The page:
These are two very different books, but so close in flavors and effects. Both concern a soldier recently returned home from World War One duty. Rebecca West wrote “The Return of the Soldier” when she was only 24, living with her three year old, in 1916, the war still on and in some of its deadliest and darkest hours. J. L. Carr’s “A Month in the Country” was published in 1980, when he was in his late 60’s, WW1 at that time superseded by a number of other high and mighty events.
This is not a book review, that lockstep genre one learns in literary basic training. War narratives often exaggerate plot and action. The truth is action, if it comes at all, stops time, stops waiting, lifts the soldier off the ground or water, suspends. There is no plot to that moment. If he remembers anything of the action the memory stirs smells, sounds, touch, taste. World War 1 is memorable for its suspension of progress, the soldiers on both sides stalemated in their trenches for days, weeks, months, years, the most significant action perhaps a slow moving cloud or fog hugging the ground and when it gets to you takes the skin off your face. And of course in any war for every soldier that experiences what I am here calling action there are several others who experience only the waiting. Both experiences take their toll and can leave soldiers, whatever their experience, broken machinery.
In any case, for the most part, these books avoid that portrayal of action, and take place in beautiful natural settings, far from any action of the war. Both returned soldiers suffer from emotional trauma, but are able to enjoy life returned away from the front. They don’t suffer from anhedonia, usually the result of not enough action. Both books are necessarily novellas, because so much has been left out. Both concern a small cast of characters in a little window of time and action out of view of the mainstream. Rebecca West has her character Jenny narrate, so it’s a first person but not the soldier returned who talks, while Carr’s book is told first person by the returned soldier, Tom Birkin. Both books are love stories surrounded by nature in lovely landscaped settings mostly unspoiled. The writing is clear and concise, natural and unaffected but poetic, impressionistic, descriptive. Both books touch on class as a theme, work, and all the trappings and dressings of diversions and social nakedness.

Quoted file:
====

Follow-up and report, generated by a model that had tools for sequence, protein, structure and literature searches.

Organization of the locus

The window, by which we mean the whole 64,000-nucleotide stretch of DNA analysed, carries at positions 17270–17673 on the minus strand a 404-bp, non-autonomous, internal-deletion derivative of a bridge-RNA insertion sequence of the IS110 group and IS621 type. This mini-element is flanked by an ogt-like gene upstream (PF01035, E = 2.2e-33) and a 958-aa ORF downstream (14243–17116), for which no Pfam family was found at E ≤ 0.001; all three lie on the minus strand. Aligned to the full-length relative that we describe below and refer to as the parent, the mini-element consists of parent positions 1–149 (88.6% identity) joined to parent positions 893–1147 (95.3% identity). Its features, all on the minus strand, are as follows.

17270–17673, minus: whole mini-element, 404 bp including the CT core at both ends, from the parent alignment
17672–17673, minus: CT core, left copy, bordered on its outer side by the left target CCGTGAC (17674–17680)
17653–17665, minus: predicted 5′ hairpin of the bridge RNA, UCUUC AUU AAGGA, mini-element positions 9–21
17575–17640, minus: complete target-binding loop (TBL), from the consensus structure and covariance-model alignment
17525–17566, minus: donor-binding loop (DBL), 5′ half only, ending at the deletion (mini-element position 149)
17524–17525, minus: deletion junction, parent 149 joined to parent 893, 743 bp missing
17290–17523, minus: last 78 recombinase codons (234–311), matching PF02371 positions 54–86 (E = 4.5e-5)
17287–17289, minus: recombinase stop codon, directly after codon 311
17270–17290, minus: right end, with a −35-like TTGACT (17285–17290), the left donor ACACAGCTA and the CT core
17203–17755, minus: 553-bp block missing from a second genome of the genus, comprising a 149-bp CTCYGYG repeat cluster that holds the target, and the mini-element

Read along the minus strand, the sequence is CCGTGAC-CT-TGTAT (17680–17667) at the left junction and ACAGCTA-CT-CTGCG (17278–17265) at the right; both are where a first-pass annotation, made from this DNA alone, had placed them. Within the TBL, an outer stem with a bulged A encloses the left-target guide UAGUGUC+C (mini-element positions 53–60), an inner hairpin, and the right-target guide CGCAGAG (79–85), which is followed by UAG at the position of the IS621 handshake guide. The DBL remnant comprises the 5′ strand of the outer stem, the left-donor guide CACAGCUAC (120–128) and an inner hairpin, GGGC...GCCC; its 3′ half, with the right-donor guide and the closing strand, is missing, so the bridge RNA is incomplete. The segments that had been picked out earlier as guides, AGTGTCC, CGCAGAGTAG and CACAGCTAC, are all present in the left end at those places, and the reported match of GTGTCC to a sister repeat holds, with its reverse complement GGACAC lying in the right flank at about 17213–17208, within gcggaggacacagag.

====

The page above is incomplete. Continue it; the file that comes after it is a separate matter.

“Penina’s Letters” too touches on those themes and uses some similar techniques to get its soldier returned story going and told, but I suppose its author may not have seen enough action, and so had to substitute satire for reality, or maybe should have relied on someone else to tell his story, Penina perhaps.